Alex Ovechkin said it best during the NHL’s media day, “I don’t think anyone believed in us, and no one believed in Vegas, but here we are battling for the Stanley Cup.”
After many years of playoff failure, the Washington Capitals were an afterthought at the start of the 2018 season and obviously no one expected an expansion team to be representing the Western Conference in the Finals.
In Ovechkin’s first 12 NHL seasons, the Capitals qualified for the playoffs nine times, but never made it out of the second round despite winning their division on seven occasions. They finally got over the hump and ended a 20-year Stanley Cup Finals appearance drought. If the Capitals are able to take home the Cup, it would be the first Major Sports Championship in Washington, D.C. since the Washington Redskins won the SuperBowl in 1991—a 26-year drought. The City of Las Vegas is just getting into the professional sports game, so their fans obviously aren’t as starved for a Championship.
Neither team is expected to make any changes to their lineups that got them here for Game 1.
Based on the Corsica Player Ratings on our Line Combination Pages, the Golden Knights have the advantage on the first and fourth lines, but the Capitals’ second and third lines have an advantage. Up front, it should be an extremely competitive series–both teams look to be built very similarly.
Brayden McNabb – Nate Schmidt
Deryk Engelland – Shea Theodore
Colin Miller – Luca Sbisa
Michal Kempny – John Carlson
Dmitri Orlov – Matt Niskanen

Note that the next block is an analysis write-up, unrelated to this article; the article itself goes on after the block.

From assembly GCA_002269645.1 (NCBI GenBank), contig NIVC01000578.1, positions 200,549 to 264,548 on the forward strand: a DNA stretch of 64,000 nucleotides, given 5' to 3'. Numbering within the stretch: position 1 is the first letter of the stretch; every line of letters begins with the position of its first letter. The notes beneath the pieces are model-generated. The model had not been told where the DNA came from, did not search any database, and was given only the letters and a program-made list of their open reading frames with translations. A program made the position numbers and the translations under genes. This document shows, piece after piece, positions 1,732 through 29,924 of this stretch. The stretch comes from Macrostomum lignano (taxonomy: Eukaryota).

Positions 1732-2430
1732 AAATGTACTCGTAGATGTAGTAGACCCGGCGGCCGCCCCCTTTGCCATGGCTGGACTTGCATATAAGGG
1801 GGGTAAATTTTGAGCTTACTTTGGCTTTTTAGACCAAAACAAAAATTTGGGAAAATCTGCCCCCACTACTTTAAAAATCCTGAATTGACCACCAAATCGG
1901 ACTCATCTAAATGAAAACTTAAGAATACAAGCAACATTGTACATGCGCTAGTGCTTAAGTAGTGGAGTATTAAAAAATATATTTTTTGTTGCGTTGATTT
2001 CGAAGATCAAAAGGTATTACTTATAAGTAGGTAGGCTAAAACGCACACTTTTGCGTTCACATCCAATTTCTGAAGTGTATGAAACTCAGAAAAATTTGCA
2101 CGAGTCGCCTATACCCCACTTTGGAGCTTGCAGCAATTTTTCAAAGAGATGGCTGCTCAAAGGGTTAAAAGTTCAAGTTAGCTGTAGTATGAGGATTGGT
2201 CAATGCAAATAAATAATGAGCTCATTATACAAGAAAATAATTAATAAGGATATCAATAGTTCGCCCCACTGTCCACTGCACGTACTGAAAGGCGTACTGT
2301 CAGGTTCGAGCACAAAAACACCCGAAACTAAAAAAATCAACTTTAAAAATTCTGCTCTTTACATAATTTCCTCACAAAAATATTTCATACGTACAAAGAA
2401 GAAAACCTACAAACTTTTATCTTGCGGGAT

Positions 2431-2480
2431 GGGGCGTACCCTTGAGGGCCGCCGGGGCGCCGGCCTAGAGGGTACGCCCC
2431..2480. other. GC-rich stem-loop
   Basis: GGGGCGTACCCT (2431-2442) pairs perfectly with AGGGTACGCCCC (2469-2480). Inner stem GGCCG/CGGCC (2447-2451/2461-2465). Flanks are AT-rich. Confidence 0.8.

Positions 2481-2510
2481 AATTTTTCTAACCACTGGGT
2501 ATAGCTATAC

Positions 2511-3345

Brooks Orpik – Christian Djoos
The Golden Knights’ blueline has outperformed all expectations this season but the Capitals look to have advantage on the back-end. Thanks to the likes of John Carlson and Dmitri Orlov, the Capitals’ blueline is stronger than Vegas, but lacks a bit of depth—and that can be chalked up to the Golden Knights taking Nate Schmidt in the expansion draft.
Marc-Andre Fleury vs. Braden Holtby.
Fleury didn’t have the strongest playoff resume in Pittsburgh, but has been spectacular, leading the Golden Knights to the Stanley Cup Finals. Fleury was 62-51 with a 2.65 GAA and .908 SV% in 113 career starts and two relief appearances in the postseason. This spring, he has gone 12-3 with a 1.68 GAA, .947 SV% and four shutouts in 15 games.
It seems insane that the Capitals started Philipp Grubauer to start the playoffs. After allowing eight goals on 49 shots (.837 SV%), they turned to Holtby. Since taking back the crease, Holtby has gone 12-6 with a 2.04 GAA and .923 SV% and he comes into the Finals having posted back-to-back shutouts in games 6 and 7 of the Eastern Conference Finals.
You are splitting hairs when trying to compare these two veteran netminders. However, if you were to give an edge, it would have to go to Fleury. He has been out of his mind since the moment he landed in Vegas.
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